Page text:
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 Review, MSI NEO-LSR 875P Canterwood Motherboard
Basic features and layout
By: Sverre Sjøthun, June 19, 2003  Print this article

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Motherboard Basic Features

Motherboard specifications:
CPU InterfaceSocket -478
ChipsetIntel 82875P MCH (North Bridge)Intel 82801ER ICH5R (South Bridge)
Bus SpeedsUp to 500MHz (in 1MHz increments)
Core Voltages SupportedUp to 1.95V (in 0.05V increments after 1.60V, in 0.0125V increments before 1.60V)
I/O Voltages SupportedN/A
DRAM Voltages SupportedSupported up to 3.30V (in 0.05V increments excluding 3.00V-3.10V)
Memory Slots4 184-pin DDR DIMM Slots
Expansion Slots1 AGP 8X Slot5 PCI Slots
Onboard USBEight USB 2.0 ports supported through South BridgeVT6306 IEEE-1394 FireWire Controller (up to 3 ports total)
Onboard LANIntel PRO/100 VE
Onboard AudioAnalog Devices AD1985 Controller
Onboards Serial ATATwo SATA connectors via Promise PDC20378 Controller Two SATA connectors via ICH5R
BIOS Revision1.0

The MSI NEO-LSR Canterwood motherboard

The MSI NEO-LSR Canterwood motherboard



Motherboard Layout
When looking at the motherboard, it strikes us how nice and tidy everything is. There is plenty space around the processor socket, the ATX powerconnector is placed almost on top to the right on the motherboard so that it doesn’t block airflow or clutter up your cabling like we saw on the Abit KG7 series where they had placed it right next to the processor socket.

Another detail is the space between the DIMM slots and the AGP slot – plenty of room, making installation as easy as it can get. On other motherboards we have encountered, like the Asus A7V333, the real-estate is so cramped you actually have to remove the AGP card before adding or removing RAM modules.

Just above and to the left of the Northbridge is the ATX12V connector. This location allows for shorter power trace routes on the motherboard for cleaner power, which is obviously desirable to obtain a stable system, but it can be problematic with regard to airflow to the heatsink for your processor. In addition, it doesn’t really “fit in” visually, as you probably have to route the cabling right across your motherboard above the AGP card. In an ideal world this connector would be placed on the top-right edge of the motherboard, but still near enough to the processor socket to allow shortest possible power trace route. Unfortunately this connector has to be near other components as well and we are left many motherboards placing this connector in an unfortunate position.

One thing that caught our eyes right away was the heatsinks on the power MOSFETs, which tends to get pretty hot, especially when overclocking. Not only do they look nice but also I think they will further increase overall system stability. For those of you that read our Prometeia review, you’ll remember that we ran into some serious problems with the Asus P4G8X when overclocking that were related to the power circuitry.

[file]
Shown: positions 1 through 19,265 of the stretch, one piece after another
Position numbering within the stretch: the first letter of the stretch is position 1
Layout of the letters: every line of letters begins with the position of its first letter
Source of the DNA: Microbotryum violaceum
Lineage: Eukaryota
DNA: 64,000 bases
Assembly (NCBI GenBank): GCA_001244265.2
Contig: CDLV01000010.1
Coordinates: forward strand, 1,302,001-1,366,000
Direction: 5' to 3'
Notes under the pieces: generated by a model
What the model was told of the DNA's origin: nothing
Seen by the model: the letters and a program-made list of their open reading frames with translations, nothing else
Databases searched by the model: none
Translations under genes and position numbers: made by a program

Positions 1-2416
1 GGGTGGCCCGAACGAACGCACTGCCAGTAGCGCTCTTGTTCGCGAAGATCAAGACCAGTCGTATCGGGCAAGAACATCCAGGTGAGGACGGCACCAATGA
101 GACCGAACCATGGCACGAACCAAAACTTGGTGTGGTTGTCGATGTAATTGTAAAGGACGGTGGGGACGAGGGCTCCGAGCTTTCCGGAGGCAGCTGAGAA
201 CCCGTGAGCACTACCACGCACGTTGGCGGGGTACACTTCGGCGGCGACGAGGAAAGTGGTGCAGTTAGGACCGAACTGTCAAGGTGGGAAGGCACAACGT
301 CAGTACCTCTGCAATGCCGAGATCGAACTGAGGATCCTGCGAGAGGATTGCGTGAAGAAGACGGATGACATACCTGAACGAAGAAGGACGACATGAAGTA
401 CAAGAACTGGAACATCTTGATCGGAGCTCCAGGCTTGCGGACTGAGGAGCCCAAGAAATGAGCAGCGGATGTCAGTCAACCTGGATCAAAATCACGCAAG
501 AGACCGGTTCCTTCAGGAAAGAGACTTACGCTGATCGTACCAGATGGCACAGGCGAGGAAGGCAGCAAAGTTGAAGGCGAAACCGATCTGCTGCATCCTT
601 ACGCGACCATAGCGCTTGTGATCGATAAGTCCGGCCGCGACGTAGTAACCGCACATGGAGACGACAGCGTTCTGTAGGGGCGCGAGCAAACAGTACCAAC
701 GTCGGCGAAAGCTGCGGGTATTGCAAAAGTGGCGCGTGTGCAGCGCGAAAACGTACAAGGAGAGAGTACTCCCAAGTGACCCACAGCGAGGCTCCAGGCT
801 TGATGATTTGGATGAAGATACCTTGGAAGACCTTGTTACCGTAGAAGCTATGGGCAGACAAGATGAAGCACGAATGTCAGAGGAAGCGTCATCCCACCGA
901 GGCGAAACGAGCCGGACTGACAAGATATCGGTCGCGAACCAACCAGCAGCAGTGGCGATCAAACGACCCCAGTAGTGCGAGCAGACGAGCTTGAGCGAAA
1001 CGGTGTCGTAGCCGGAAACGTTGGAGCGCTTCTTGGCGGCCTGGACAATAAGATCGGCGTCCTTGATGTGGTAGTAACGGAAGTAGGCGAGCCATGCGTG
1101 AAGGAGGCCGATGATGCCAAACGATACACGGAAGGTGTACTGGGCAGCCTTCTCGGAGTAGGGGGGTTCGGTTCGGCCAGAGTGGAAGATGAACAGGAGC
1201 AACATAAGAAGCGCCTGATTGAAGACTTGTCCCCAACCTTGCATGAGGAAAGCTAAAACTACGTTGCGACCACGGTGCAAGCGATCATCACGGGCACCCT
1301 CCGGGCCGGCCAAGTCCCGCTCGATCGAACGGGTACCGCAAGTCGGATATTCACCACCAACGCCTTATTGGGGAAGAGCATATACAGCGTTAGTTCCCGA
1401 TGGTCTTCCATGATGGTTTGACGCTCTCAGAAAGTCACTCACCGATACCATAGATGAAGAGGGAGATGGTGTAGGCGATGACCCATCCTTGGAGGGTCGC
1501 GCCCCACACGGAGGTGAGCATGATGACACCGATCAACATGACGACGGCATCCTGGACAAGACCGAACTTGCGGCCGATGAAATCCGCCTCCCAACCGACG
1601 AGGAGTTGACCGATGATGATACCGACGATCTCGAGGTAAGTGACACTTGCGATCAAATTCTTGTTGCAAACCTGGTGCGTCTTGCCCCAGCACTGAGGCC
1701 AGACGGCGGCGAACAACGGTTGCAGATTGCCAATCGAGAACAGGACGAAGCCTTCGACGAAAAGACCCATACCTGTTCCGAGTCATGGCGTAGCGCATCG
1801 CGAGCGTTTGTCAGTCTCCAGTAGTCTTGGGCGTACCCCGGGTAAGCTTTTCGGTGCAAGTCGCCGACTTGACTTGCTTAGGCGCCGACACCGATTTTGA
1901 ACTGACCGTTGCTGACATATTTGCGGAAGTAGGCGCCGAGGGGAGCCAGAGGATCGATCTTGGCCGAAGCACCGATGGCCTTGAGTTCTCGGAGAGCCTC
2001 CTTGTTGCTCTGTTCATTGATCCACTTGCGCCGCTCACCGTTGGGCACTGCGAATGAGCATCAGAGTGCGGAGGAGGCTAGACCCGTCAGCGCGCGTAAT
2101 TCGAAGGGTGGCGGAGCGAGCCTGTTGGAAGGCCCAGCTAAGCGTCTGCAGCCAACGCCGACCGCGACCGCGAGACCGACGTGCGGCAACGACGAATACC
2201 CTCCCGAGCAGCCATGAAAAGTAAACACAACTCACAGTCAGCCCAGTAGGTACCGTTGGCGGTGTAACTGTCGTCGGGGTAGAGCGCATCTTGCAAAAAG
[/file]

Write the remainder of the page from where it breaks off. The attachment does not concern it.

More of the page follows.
The DIMM slots are arranged in two sets of two slots each, with each set belonging to separate memory channel. These slots are color coded, but are somewhat confusing, as we at first honestly believed that populating a single color slot group would enable dual channel mode. One quick look in the manual stated otherwise, so keep that in mind should you decide to buy one of these boards.

Furthermore, the Northbridge chipset has an actively cooled heatsink with a stylish lasercut fanguard on it -- plenty of cooling-power and the heatsink stayed nice and cool during all our testing. Interestingly enough MSI decided to add red, green and blue flashing LEDs to the heatsink. For those of you that like a little bling-bling in your case, or are really into disco, this is a nice feature. Personally, I'm glad my LianLi case isn't window-modded, as I have found no way to turn them off.

The ICH5R Southbridge chipset is located below PCI slots 1 and 2 with the ICH5R controlled SATA ports right below. The NEO-LSR has 5 PCI and 1 AGP slot, and between PCI slot 5 and the edge of the board, you’ll find the D-Bracket 2 header, RCA and S/PDIF bracket connector as well as audio panel header.

On the back of the motherboard, you’ll find the usual set of ports including PS/2 keyboard and mouse, one parallel port, two serial ports, the Ethernet port, 6 USB 2.0 ports as well as 3 audio ports.

To sum it up, the design and layout of this board leaves very little room for improvement and our only real complaint is the location of the ATX 12V connector. Also the color coding of the DIMM slots may cause some confusion.

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  Introduction
  Basic features and layout
  BIOS and overclocking
  Testbench and benchmarks
  Conclusion


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